I’ve written a lot this past week about the Dems’ push to re-instate the “Fairness Doctrine”.
Let’s be clear about one thing: the push to re-instate the Doctrine is based on a huge, cynical lie that the left is repeating, true to Goebbels, over and over. Dick Durbin, for example (I’ve added emphasis):
Dick Durbin — the Senate’s Majority whip — came out four-square in favor of the Fairness Doctrine today, declaring in The Hill — a newspaper for Capitol Hill: “It’s time to reinstitute the Fairness Doctrine” It’s the clearest statement yet from a member of the congressional leadership that there will be a real fight over the issue.
Oddly, Durbin explained his position with an appeal to old-time values: “I have this old-fashioned attitude that when Americans hear both sides of the story, they’re in a better position to make a decision.”
And there – in the bold type – is the lie. Americans hear both sides of the story. Every story. All the time. The metaphorical marketplace of ideas in the broadcast, cable, and (since the early ’90’s) online media over the past 20 years has been a lot like a literal marketplace in, say, Warsaw Poland. In 1986, it had pretty much what the government said it could have. Today, both are jammed with a dizzying assortment of stuff, of widely varying quality – and the consumer has almost infinite choice.
Rush Limbaugh is absolutely correct about one thing; before 1987, the “Fairness Doctrine” didn’t explicitly stifle free speech; it merely made it too complicated for the vast majority of radio and TV stations to attempt. When I started in talk radio in 1985, even the mighty KSTP-AM broadcast only a thin film of “controversial” content, sticking mostly to the usual pre-1987 miasma of sportstalk, recipes, relationship talk, author interviews, counseling, and “stuff going on around the community”. Talk was a fringe format, the province of the very old, the housebound, and the shift-worker who was bored with music radio. AM radio was on the brink of extinction.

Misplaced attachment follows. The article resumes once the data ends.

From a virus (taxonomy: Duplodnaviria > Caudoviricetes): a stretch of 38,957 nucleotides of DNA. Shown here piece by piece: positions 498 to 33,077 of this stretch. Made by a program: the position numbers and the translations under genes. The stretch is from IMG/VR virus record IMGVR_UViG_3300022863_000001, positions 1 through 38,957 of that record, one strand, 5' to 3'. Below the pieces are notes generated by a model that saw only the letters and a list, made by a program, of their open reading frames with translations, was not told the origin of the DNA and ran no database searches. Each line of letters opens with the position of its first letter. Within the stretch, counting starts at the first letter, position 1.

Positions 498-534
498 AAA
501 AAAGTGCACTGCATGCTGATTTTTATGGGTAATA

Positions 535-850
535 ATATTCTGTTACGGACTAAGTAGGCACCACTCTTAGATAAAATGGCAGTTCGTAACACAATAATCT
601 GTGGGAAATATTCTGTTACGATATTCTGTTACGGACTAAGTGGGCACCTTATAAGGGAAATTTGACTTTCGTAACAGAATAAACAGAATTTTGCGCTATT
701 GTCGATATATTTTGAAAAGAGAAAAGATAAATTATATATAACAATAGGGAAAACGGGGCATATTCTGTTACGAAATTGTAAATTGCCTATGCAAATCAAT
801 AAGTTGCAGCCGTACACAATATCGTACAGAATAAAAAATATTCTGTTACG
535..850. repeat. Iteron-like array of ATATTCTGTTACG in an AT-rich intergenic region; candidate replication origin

Today, the consumer is bombarded with opinion of every stripe, from all corners. Newspapers, magazines and broadcast TV and radio have been joined by cable and internet TV, satellite and streamed radio, home-made video and pod streaming, blogs in text or audio or video – which have forced the traditional media to adjust to keep up.
Senator Durbin: How does the average American not have access to “both sides of the story”?
Congressman Mike Pence is sponsoring an effort to legally bar the FCC – which administers the “Fairness Doctrine” – from regulating poltical content. Ed Morrissey, my radio colleague, liveblogged the debate on the amendment, about which he reported:
Pence says it represents an “existential threat” to the conservative movement, and believes that the aim isn’t for “fairness” but for the silencing of conservatives. The problem is that the threat is that government retains this ability, either by legislation or executive order. We have to very aggressively explain that the high legal and administrative costs of the FD would simply choose not to carry any political talk radio at all.
Pence points out that the FCC actually has the authority on its own to reinstate the FD, without any action from Congress or the Presidency. They have chosen not to do so, but if the FCC wants to, they could reinstate it tomorrow. The judiciary may have a say in this eventually, but Pence’s bill would strip the FCC of that ability altogether. That doesn’t mean that Congress can’t pass future legislation to do it, but it would have to do so openly.
Do us a favor; call your Congressional representative. Tell them to support the Pence amendment on the Fairness Doctrine..
Liberals, remember – when they came for conservative alternative media, you need to speak up, or when “they” come for liberal media, there’ll be nobody left to speak for you.
Although oddly enough, with all the left’s caterwauling about civil liberties this past seven years, I’m at a loss to think of any conservative effort to silence any discussion. Just saying.